News & Analysis at your fingertips.

We use a range of cookies to give you the best possible browsing experience. By continuing to use this website, you agree to our use of cookies.
You can learn more about our cookie policy here, or by following the link at the bottom of any page on our site.



Notifications below are based on filters which can be adjusted via Economic and Webinar Calendar pages.

Live Webinar

Live Webinar Events


Economic Calendar

Economic Calendar Events

Free Trading Guides
Oil - US Crude
Wall Street
More View more
Real Time News
  • Have you been catching on your @DailyFX podcast "Global Markets Decoded"? Catch up on them now, before new episodes release!
  • [corr] All things considered, $USDSGD, $USDMYR, $USDPHP and $USDIDR failed to generate much upside momentum lately despite rising volatility in the #SP500 Could this continue from here? Check out my latest #ASEAN fundamental outlook here -
  • The London trading session accounts for around 35% of total average forex turnover*, the largest amount relative to its peers. The London forex session overlaps with the New York session. Learn about trading the London forex session here:
  • 🇳🇱 Consumer Confidence (SEP) Actual: -28.0 Previous: -29
  • IG Client Sentiment Update: Our data shows the vast majority of traders in Ripple are long at 97.44%, while traders in EUR/JPY are at opposite extremes with 63.92%. See the summary chart below and full details and charts on DailyFX:
  • Forex Update: As of 04:00, these are your best and worst performers based on the London trading schedule: 🇳🇿NZD: 0.13% 🇯🇵JPY: 0.13% 🇬🇧GBP: 0.04% 🇨🇭CHF: 0.01% 🇪🇺EUR: -0.02% 🇦🇺AUD: -0.02% View the performance of all markets via
  • Heads Up:🇳🇱 Consumer Confidence (SEP) due at 04:30 GMT (15min) Previous: -29
  • Indices Update: As of 04:00, these are your best and worst performers based on the London trading schedule: France 40: 0.93% Germany 30: 0.92% FTSE 100: 0.64% US 500: 0.04% Wall Street: 0.01% View the performance of all markets via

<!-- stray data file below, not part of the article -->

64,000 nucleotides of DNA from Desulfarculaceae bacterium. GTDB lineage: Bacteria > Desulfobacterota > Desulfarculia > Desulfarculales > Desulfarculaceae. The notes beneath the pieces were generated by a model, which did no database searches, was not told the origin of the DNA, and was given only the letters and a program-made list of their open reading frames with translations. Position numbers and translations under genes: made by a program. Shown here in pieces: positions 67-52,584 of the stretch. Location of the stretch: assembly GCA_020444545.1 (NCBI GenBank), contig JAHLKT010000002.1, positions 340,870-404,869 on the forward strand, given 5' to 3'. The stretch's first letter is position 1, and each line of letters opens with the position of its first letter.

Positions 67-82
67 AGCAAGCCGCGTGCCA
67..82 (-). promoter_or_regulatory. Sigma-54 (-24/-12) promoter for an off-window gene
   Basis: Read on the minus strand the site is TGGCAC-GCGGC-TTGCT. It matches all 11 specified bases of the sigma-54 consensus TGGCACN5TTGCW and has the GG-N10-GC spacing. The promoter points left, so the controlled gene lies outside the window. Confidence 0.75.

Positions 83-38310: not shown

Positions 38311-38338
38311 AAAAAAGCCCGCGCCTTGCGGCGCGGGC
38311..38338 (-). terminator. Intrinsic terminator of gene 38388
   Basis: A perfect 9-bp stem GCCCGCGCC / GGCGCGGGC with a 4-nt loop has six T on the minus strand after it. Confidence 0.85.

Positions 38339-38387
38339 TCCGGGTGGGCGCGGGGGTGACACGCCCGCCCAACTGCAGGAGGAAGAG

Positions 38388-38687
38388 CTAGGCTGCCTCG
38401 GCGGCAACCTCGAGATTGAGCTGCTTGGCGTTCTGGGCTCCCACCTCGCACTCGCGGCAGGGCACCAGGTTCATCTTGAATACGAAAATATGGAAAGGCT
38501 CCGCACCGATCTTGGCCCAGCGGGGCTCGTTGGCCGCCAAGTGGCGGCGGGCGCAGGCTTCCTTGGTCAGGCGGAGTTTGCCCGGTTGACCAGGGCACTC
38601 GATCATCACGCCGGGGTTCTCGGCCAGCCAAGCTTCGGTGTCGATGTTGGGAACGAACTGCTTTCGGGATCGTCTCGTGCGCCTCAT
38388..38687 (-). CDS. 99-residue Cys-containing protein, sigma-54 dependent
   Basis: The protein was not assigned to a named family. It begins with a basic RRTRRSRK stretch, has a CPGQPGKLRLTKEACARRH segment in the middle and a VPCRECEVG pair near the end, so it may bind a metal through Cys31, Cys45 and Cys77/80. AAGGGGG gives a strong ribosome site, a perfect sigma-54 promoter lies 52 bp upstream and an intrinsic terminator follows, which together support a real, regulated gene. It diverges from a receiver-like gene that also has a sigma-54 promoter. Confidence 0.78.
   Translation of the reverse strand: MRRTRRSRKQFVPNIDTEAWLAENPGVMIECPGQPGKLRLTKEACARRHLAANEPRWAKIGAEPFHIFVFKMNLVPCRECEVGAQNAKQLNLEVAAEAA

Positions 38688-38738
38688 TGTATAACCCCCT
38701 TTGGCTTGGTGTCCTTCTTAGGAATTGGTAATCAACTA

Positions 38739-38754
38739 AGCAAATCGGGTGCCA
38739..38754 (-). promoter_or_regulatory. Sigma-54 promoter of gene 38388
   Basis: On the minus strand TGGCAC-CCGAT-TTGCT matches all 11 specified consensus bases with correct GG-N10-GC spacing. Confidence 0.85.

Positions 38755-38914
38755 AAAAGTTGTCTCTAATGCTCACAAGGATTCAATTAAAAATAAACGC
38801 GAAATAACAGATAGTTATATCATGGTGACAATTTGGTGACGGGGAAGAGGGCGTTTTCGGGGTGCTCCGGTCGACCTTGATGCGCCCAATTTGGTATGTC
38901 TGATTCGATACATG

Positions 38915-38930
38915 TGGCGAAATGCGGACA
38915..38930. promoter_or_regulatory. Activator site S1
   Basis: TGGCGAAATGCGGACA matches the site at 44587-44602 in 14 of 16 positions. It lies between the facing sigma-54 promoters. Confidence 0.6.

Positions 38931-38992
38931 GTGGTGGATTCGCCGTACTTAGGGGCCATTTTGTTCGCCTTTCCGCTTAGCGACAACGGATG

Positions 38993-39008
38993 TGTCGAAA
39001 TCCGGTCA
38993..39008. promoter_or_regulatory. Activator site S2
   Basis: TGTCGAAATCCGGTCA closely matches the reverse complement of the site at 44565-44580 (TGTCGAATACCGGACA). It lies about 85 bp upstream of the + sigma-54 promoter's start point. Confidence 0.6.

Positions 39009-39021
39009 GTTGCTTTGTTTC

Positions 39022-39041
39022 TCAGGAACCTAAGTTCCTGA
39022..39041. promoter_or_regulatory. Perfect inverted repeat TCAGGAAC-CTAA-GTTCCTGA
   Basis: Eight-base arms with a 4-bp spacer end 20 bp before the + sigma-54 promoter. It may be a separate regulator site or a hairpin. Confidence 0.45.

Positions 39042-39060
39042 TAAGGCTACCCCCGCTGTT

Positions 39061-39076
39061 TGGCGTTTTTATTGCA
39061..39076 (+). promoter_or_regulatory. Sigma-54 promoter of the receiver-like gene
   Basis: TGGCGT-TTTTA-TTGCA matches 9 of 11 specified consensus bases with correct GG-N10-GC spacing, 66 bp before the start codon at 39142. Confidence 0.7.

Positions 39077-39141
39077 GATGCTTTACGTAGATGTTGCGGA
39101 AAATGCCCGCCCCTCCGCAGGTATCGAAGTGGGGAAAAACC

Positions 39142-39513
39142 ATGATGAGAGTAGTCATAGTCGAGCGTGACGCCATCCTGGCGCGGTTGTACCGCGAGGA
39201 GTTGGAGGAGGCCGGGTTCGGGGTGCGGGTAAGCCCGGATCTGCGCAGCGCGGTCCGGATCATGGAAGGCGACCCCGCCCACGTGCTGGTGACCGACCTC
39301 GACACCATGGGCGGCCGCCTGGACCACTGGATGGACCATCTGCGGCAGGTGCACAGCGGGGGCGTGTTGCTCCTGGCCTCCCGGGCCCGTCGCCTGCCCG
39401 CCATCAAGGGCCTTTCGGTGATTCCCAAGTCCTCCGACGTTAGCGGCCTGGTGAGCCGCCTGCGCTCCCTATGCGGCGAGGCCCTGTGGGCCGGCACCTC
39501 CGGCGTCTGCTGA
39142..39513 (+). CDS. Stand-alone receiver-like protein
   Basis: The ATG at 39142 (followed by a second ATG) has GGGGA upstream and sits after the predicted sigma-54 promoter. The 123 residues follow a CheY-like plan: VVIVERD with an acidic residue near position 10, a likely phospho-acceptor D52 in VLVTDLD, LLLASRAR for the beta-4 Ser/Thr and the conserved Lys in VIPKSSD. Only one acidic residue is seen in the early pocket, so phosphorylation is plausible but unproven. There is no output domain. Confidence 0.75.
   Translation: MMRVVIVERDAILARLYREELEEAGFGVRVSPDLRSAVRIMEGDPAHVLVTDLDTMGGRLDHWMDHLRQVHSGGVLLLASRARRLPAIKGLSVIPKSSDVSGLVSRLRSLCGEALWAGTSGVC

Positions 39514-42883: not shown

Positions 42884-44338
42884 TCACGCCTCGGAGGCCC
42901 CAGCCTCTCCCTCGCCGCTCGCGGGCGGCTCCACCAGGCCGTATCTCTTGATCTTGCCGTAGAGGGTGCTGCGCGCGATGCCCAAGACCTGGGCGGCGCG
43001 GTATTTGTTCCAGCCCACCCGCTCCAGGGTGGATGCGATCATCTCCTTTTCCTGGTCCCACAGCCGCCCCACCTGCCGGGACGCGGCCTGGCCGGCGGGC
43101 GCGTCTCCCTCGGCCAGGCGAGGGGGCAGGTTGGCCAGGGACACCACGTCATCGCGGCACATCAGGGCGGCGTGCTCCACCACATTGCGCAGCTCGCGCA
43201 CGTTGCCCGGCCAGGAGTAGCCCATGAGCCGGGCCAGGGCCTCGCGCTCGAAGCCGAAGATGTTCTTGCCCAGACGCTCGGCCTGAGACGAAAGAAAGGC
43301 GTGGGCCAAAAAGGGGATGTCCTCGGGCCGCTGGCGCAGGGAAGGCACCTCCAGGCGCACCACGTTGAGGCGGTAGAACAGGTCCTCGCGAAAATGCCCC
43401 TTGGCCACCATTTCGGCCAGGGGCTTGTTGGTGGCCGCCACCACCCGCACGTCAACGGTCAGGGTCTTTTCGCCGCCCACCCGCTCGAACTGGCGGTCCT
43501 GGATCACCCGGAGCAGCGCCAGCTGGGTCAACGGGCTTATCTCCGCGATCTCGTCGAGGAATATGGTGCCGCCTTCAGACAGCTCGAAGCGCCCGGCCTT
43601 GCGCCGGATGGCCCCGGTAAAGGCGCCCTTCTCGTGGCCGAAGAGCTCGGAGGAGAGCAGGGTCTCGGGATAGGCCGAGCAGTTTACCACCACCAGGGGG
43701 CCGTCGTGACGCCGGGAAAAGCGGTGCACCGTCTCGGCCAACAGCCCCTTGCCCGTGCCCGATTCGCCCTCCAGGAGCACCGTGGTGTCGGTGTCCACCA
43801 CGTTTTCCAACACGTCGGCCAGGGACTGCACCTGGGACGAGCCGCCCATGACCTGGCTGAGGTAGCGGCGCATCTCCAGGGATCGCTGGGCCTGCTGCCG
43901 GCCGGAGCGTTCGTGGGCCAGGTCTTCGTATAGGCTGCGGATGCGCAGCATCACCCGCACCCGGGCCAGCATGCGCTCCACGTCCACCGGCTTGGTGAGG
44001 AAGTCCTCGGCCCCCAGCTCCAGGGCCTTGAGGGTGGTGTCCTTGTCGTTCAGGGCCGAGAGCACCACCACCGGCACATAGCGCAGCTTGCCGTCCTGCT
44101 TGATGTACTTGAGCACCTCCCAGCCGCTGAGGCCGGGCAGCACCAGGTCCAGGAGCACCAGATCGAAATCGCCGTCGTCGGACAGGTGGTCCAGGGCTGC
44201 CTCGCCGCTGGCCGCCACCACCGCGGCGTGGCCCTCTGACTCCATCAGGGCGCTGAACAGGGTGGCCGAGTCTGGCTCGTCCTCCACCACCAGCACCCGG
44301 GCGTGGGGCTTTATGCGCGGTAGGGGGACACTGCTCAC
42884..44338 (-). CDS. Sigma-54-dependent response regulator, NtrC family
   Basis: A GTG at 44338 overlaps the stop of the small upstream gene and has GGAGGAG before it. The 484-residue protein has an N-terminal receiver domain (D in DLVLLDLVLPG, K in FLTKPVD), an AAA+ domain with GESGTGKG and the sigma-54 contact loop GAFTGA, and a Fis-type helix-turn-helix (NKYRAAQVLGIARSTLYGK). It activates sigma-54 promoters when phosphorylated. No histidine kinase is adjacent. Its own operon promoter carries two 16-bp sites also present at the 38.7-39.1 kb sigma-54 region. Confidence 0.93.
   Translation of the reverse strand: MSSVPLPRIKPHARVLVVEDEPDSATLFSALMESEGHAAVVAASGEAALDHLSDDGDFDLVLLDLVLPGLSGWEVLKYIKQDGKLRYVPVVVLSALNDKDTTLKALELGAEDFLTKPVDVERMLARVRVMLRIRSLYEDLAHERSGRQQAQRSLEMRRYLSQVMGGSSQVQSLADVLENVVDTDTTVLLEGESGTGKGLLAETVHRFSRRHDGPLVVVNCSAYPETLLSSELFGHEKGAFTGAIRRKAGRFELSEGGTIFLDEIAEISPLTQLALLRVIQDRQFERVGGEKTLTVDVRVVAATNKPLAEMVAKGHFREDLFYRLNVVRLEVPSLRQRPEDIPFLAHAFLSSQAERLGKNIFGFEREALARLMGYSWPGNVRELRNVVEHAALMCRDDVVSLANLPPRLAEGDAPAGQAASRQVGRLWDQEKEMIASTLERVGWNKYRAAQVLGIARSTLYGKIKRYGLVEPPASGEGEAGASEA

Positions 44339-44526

• #Gold and #Silver are at risk of extending their slide from monthly highs as the lack of additional fiscal stimulus and rising geopolitical tensions underpin #USD $GC $SI $SLV $GLD
  • Entry orders are a valuable tool in forex trading. Traders can strategize to come up with a great trading plan, but if they can’t execute that plan effectively, all their hard work might as well be thrown out. Learn how to place entry orders here:
Becoming a Better Trader: Understanding How Biases Impact You (Webinar)

Becoming a Better Trader: Understanding How Biases Impact You (Webinar)

2017-04-27 11:40:00
Paul Robinson, Strategist

Join Paul every Tuesday-Friday for webinars. For details and a full line-up of all upcoming live events, please see the Webinar Calendar.

Today, we discussed a number of cognitive biases which impact traders and the decisions they make, and ways to help overcome them.

Loss-aversion bias, the preference for avoiding a loss to acquiring an equal amount in gains (-$1 vs. $1). When faced with risk traders tend to make mistakes such as setting stops too close to their entry, or exit prior to their stop-loss, or exiting too soon before the predetermined target is met. A solution for overcoming this bias is to have each trade planned out ahead of time and trade with a position size which allows you to more easily stay the course. Also, thinking about the pain of missing out on a trade your analysis tells you that you should be in, in of itself, should offer plenty of motivation to stick to the trade presented to you. Letting a winner get away from you can be more painful than taking a loss.

Hindsight bias, the tendency to ‘think’ you could have foreseen an event happening once it’s happened (I knew it all along!) We all suffer from this from time to time. The question you should ask yourself is, did my analysis tell me I really know what was going happen, or is it my mind just messing with me? Often times the answer will be, no, no you didn’t really know ahead of time. Being objective in this situation will help keep frustration at bay from a ‘missed opportunity’, and ultimately keep you from making mistakes which can be bred from frustration, like chasing a trade that ‘got away’ or making some other silly mistake which doesn’t fit within your game-plan.

Directional bias, the preference to trade primarily from one side of the market. This often stems from your early experiences of whether you had success in bull or bear market conditions. The reinforcement from early experiences can cause a trader to focus on opportunities from only one side of the market. This can be a hard one to overcome, but asking yourself if you would take an opportunity in one direction if it was in the ‘preferred’ direction can be helpful. Also, taking smaller more comfortable size on ideas which go against your directional bias can help build confidence towards being more flexible.

Other biases discussed include ‘confirmation’ bias, ‘recency’ bias, ‘anchoring’ bias, and ‘gambler’s fallacy’. For full details, please see the video above.

See our quarterly forecasts for FX, equity indices, and commodities and find out where our team of analysts see markets heading for the remainder of Q2.

---Written by Paul Robinson, Market Analyst

You can receive Paul’s analysis directly via email by signing up here.

You can follow Paul on Twitter at @PaulRobinonFX.

DailyFX provides forex news and technical analysis on the trends that influence the global currency markets.